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Water infrastructure a growing problem for South Bend

South Bend’s water infrastructure is in an ‘emergency situation.’

“People have this misunderstanding that water treatment equipment lasts forever,” South Bend Utilities Operations Manager Matthew Bussell said. “It doesn’t.”

Bussell led an eye-opening tour of the deteriorating Edison Filtration Plant on Rockne Drive in South Bend Thursday afternoon.

“If we get a lot of snow on that roof and it builds up, it can cave in,” Bussell said. “[If] that roof caves in, you can’t use the filters. You can’t use the filters? You can’t use the plant. [Then] we can’t supply water from this plant.”

Bussell said the crumbling roofs and outdated equipment is making it harder for his team to keep the city’s drinking water clean.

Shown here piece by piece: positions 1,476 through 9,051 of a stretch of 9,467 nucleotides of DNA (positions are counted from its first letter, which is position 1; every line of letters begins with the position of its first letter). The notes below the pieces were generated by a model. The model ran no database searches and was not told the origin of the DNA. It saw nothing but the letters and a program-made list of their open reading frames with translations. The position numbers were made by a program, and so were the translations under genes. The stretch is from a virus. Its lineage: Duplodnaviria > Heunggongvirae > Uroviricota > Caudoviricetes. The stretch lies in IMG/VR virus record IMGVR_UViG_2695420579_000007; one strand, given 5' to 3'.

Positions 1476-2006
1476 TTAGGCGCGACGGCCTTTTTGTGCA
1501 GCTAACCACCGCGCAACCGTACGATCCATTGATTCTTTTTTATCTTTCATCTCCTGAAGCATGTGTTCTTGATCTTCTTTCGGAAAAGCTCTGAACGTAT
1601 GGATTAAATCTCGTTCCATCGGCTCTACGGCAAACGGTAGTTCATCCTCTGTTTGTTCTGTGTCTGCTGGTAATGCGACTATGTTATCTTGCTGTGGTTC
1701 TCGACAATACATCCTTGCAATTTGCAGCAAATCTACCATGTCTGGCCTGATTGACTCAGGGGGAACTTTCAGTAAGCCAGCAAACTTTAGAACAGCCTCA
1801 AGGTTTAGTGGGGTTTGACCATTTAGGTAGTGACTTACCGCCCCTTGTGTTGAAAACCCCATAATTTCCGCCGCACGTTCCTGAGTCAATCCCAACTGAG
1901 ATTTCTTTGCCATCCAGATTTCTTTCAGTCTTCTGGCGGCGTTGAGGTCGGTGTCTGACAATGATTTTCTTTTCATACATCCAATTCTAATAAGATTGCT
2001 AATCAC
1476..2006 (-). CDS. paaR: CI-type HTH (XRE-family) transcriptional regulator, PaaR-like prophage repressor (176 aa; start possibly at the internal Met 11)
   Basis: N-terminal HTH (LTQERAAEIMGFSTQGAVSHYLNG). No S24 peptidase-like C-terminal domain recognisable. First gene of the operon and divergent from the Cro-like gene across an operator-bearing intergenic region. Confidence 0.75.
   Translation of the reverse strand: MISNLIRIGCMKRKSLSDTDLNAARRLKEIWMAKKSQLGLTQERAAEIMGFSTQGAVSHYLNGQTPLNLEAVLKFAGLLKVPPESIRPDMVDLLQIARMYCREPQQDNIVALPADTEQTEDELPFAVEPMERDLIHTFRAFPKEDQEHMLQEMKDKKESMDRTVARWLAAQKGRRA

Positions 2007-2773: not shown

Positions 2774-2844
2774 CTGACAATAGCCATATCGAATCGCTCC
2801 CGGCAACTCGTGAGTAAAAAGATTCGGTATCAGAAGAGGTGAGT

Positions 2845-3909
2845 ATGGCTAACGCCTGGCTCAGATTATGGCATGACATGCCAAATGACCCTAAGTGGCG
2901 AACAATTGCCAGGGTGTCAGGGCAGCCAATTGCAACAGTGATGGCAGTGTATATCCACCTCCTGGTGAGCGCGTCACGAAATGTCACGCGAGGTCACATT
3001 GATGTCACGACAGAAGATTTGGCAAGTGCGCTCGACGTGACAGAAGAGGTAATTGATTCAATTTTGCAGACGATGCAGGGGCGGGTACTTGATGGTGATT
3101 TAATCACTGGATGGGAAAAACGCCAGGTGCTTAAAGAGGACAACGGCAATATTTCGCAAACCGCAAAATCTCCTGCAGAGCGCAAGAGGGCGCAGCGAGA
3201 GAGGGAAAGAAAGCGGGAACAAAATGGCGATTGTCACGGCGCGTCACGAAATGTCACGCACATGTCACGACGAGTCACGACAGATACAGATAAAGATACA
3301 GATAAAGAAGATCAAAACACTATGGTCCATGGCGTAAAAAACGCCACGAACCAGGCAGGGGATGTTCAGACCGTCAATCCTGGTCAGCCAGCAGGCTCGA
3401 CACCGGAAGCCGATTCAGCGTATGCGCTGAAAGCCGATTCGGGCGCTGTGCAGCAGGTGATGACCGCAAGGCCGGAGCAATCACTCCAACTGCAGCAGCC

As ABC57 has reported, that’s why South Bend Mayor Pete Buttigieg – who attended Thursday’s tour – is urging the city council to vote to raise the cost of water for residents.

The increase would be between $4 and $5 each month for the average household.

“There’s about $88 million of needed investment across the system,” Buttigieg said. “And in order to deliver safe water for everybody, we need to be willing to make those investments.”

Water treatment production has slowed in the city over the years, Bussell said, because the equipment can’t keep up.

He said the time to upgrade is now, or things will only get tougher.

“It may be a decade from now. Maybe a decade and a half from now, I don’t know. But at some point, all that’s gonna catch up with you and you’re gonna have so many fires to put out that you can’t possibly keep up with them,” Bussell said.

According to Bussell, the city should be able to treat about 70 million gallons of water each day.

Currently – because of the crumbling infrastructure – that number is only at 40 million gallons.

One city council member also attended Thursday’s tour. 

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